Why Utah’s partial Medicaid expansion is not a good model

By

Opinion

July 18, 2019 - 10:26 AM

Over the course of the decade-long effort to expand Medicaid in Kansas, opponents have grasped at a number of gimmicks that impose barriers to providing health coverage to as many as 150,000 hardworking Kansans.

The latest gimmick comes from the state of Utah, which recently received federal approval to implement a partial expansion of Medicaid (the fact that this plan overrides a public referendum supporting full expansion and thus undermines the will of Utah voters is another story). Rather than expand coverage to 138% of the federal poverty level (FPL) — $17,236 for an individual and $29,435 for a family of three — as required by federal law, the Utah plan expands coverage only to 100% FPL — $12,490 for an individual and $21,330 for a family of three.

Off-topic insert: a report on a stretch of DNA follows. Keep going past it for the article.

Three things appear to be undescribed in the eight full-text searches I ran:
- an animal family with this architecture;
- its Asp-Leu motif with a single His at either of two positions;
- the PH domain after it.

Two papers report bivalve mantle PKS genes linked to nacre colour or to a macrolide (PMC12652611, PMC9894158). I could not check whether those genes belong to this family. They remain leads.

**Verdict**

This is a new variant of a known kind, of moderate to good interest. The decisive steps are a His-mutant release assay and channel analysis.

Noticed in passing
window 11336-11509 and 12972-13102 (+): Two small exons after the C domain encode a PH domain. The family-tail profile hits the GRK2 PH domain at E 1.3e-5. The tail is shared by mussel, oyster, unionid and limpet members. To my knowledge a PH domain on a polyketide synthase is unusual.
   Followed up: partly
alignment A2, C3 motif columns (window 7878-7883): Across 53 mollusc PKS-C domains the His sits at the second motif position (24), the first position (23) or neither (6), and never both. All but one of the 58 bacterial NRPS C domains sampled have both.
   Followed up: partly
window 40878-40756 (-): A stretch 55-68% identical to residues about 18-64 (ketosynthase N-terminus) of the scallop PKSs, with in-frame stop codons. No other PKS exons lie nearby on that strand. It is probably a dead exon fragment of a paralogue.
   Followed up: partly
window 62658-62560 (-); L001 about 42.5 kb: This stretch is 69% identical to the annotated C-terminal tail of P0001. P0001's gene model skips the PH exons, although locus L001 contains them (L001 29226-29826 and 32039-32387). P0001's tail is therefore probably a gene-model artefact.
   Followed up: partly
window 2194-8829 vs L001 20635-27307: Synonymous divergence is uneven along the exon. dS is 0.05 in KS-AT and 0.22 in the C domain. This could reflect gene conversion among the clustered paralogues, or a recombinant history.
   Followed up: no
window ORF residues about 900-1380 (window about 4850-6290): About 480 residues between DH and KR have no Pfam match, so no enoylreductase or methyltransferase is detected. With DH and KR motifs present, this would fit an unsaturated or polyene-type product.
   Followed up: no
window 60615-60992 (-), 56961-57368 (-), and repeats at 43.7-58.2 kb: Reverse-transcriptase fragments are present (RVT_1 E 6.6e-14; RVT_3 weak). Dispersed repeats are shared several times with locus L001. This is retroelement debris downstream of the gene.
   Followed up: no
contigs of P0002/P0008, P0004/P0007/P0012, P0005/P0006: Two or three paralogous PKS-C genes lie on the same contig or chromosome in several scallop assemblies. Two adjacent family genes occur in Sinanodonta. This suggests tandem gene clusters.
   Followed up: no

The Utah model thus becomes the latest plan embraced by opponents as a viable alternative to expansion. Except it may not be viable.

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